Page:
Michael Pawlyn: Using nature's genius in architecture
How can architects build a new world of sustainable beauty? By learning from nature. At TEDSalon in London, Michael Pawlyn describes three habits of nature that could transform architecture and society: radical resource efficiency, closed loops, and drawing energy from the sun.
Michael Pawlyn takes cues from nature to make new, sustainable architectural environments.
Michael Pawlyn established the architecture firm Exploration in 2007 to focus on environmentally sustainable projects that take their inspiration from nature.
Prior to setting up the company, Pawlyn worked with the firm Grimshaw for ten years and was central to the team that radically re-invented horticultural architecture for the Eden Project. He was responsible for leading the design of the Warm Temperate and Humid Tropics Biomes and the subsequent phases that included proposals for a third Biome for plants from dry tropical regions. In 1999 he was one of five winners in A Car-free London, an ideas competition for strategic solutions to the capital’s future transport needs and new possibilities for urban spaces. In September 2003 he joined an intensive course in nature-inspired design at Schumacher College, run by Amory Lovins and Janine Benyus. He has lectured widely on the subject of sustainable design in the UK and abroad.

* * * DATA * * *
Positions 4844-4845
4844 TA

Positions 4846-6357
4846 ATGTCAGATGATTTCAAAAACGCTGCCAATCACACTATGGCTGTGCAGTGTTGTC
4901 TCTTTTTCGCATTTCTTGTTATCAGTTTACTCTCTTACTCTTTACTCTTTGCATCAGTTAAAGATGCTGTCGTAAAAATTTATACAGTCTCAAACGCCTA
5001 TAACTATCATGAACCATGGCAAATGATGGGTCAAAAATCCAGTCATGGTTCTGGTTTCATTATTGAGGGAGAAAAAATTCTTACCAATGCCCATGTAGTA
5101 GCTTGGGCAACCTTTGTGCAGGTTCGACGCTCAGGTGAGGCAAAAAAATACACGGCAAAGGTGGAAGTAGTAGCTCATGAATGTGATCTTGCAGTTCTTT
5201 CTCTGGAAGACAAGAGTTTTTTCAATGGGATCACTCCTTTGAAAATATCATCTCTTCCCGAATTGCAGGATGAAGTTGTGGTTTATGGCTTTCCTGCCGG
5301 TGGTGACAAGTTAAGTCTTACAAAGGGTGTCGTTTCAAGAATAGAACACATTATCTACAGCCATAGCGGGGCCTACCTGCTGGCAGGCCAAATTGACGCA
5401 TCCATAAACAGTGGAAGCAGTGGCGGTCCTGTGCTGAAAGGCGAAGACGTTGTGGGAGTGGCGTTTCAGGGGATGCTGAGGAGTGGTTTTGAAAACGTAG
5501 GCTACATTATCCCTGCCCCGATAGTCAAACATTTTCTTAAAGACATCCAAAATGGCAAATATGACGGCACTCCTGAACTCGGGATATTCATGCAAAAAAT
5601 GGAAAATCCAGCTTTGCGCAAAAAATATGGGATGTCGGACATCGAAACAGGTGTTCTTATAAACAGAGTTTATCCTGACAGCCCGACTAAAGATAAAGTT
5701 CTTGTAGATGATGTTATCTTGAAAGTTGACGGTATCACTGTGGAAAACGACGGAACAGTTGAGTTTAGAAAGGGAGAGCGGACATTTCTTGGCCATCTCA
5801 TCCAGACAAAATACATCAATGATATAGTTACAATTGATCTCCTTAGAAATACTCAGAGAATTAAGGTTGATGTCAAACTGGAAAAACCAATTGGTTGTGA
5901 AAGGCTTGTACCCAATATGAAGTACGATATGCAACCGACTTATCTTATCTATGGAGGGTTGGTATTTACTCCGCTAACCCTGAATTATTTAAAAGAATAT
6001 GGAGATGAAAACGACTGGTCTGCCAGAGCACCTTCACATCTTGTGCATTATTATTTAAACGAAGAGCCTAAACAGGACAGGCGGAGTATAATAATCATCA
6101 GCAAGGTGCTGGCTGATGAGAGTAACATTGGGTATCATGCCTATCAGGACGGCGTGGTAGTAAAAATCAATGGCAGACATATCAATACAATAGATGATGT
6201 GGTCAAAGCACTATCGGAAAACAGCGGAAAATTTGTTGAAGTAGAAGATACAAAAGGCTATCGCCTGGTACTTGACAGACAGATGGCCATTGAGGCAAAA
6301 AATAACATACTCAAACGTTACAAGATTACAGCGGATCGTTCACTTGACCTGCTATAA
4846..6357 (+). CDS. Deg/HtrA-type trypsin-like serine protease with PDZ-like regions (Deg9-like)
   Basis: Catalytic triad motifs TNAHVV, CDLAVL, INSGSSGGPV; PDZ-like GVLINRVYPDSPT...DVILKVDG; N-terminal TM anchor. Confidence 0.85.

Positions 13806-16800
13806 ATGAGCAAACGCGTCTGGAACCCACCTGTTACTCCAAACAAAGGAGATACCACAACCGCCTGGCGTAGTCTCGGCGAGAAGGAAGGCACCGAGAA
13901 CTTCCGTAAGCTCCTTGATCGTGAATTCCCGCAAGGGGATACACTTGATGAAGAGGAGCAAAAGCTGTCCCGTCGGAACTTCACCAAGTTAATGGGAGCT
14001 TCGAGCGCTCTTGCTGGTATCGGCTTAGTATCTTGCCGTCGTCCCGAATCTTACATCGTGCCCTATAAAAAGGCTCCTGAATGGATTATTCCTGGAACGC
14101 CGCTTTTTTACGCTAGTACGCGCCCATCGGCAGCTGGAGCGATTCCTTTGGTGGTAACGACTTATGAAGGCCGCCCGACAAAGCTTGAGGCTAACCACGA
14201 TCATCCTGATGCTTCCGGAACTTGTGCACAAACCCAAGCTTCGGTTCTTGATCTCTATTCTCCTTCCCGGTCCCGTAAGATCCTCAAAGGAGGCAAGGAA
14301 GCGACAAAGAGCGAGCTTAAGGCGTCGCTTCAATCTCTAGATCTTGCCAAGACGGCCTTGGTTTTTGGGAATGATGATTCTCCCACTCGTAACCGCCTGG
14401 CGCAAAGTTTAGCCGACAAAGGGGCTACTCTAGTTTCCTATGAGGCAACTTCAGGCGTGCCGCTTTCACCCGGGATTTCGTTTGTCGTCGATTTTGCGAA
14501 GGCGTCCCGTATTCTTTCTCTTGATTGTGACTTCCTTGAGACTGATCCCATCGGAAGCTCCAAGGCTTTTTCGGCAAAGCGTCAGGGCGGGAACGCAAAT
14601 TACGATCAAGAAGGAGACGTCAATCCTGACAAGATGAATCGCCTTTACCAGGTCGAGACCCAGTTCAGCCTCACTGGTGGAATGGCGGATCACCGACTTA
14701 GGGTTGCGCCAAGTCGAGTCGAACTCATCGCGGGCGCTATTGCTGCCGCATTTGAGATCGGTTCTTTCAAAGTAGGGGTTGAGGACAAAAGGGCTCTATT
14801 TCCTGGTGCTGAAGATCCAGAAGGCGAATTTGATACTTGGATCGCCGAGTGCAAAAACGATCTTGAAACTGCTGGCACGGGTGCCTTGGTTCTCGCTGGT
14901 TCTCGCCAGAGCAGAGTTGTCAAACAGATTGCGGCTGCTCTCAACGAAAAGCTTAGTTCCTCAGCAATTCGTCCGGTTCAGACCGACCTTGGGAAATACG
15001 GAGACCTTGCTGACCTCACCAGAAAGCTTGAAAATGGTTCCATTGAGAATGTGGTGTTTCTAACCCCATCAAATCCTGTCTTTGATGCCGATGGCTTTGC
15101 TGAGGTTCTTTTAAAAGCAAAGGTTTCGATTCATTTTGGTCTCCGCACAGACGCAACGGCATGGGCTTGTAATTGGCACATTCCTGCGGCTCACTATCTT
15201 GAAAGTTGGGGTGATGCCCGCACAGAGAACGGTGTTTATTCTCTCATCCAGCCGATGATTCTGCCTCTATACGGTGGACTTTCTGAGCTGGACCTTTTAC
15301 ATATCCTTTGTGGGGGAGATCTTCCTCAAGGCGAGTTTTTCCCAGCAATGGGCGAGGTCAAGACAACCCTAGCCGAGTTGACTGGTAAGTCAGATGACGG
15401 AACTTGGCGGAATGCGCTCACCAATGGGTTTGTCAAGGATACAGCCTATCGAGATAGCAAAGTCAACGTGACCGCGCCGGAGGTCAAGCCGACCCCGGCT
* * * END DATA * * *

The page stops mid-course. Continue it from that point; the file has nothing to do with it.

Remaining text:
His Sahara Forest Project, covered in this TEDTalk, recently won major funding.
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